Thursday, 14 August 2008


The atomic bombings of Hiroshima and Nagasaki were nuclear attacks at the end of World War II against the Empire of Japan by the United States at the order of U.S. President Harry S. Truman on August 6 and 9, 1945. After six months of intense firebombing of 67 other Japanese cities, the nuclear weapon "Little Boy" was dropped on the city of Hiroshima on Monday, August 6, 1945, followed on August 9 by the detonation of the "Fat Man" nuclear bomb over Nagasaki. These are to date the only attacks with nuclear weapons in the history of warfare.

The bombs killed as many as 140,000 people in Hiroshima and 80,000 in Nagasaki by the end of 1945, roughly half on the days of the bombings. Since then, thousands more have died from injuries or illness attributed to exposure to radiation released by the bombs. In both cities, the overwhelming majority of the dead were civilians.

Six days after the detonation over Nagasaki, on August 15, Japan announced its surrender to the Allied Powers, signing the Instrument of Surrender on September 2, officially ending the Pacific War and therefore World War II. (Germany had signed its Instrument of Surrender on May 7, ending the war in Europe.) The bombings led, in part, to post-war Japan adopting Three Non-Nuclear Principles, forbidding that nation from nuclear armament.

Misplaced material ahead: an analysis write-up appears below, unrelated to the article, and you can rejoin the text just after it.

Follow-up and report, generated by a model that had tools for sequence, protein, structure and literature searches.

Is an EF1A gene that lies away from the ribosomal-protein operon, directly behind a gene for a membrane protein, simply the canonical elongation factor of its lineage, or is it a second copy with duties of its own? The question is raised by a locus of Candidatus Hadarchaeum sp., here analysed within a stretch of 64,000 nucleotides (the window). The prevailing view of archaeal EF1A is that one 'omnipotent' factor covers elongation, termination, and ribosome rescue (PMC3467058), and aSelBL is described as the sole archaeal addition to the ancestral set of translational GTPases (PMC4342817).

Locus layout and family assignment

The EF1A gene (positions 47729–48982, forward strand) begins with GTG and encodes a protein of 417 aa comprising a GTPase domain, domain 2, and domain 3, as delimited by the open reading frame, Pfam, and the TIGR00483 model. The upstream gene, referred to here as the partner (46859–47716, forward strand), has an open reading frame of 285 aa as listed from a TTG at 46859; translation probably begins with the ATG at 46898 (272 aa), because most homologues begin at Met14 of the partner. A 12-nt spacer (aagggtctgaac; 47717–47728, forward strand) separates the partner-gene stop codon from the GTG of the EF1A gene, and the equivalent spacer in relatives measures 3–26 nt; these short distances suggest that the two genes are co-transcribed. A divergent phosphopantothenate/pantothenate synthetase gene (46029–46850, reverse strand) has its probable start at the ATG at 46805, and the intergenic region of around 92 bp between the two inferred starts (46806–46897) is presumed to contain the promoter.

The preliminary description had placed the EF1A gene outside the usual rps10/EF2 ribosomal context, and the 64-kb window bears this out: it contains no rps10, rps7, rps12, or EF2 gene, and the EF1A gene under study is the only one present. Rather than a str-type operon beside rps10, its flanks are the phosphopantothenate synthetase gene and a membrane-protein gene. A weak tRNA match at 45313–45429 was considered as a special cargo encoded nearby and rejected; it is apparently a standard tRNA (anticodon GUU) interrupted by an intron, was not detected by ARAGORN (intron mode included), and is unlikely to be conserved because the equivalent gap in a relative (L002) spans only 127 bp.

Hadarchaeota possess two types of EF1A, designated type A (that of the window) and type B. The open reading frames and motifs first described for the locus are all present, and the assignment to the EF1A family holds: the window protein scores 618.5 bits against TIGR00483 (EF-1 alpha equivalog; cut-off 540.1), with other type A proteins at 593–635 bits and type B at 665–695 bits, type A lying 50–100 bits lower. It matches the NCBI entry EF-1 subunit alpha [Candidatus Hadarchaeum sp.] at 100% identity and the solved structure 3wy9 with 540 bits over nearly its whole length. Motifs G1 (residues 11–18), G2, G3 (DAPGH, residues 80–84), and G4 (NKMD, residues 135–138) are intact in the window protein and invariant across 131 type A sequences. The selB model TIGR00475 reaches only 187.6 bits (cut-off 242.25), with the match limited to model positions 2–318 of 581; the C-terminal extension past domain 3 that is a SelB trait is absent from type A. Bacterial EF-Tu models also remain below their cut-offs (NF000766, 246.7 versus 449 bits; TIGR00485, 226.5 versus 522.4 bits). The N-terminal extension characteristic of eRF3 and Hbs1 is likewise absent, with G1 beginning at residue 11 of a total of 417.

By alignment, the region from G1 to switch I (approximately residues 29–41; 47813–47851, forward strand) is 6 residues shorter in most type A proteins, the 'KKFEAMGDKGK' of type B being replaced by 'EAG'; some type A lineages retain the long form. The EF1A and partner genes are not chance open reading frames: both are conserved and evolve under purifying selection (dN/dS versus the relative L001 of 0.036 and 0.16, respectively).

Isao Takahata

In the waning days of World War II, American bombers drop napalm canisters on Japanese cities, creating fire storms. These bombs, longer than a tin can but about as big around, fall to earth trailing cloth tails that flutter behind them; they are almost a beautiful sight. After they hit, there is a moment's silence, and then they detonate, spraying their surroundings with flames. In a Japanese residential neighborhood, made of flimsy wood and paper houses, there is no way to fight the fires.

"Grave of the Fireflies" (1988) is an animated film telling the story of two children from the port city of
Kobe. With the fall of the fire bombs, they become orphans and homeless. This film, based on ‘Hotaru no Haka’, the semi-autobiography by Akiyuki Nosaka, relates the tragedies of war as Seita and Setsuko struggle to survive with only each other to hold onto.


Isao Takahata is a long-time colleague of Miyazaki and a co-head of Studio Ghibli. Unlike Miyazaki, Takahata started his career as a director from the beginning. Born in 1935, he graduated from the most prestigious university in Japan, Tokyo University, and joined the newly founded animation studio Toei Doga in 1959.

He and Miyazaki became friends through the animators' union at Toei Doga, which he vice-chaired and Miyazaki chaired. His first movie, Horus: The Prince of the Sun (1968) is still considered one of the greatest examples of Japanese animation. Miyazaki worked as an animator for this movie, providing numerous ideas. Takahata and Miyazaki continued working as a director-animator team for many great animated masterpieces, including Lupin III, Heidi, 3000 Leagues in Search of Mother, and Anne of Green Gables

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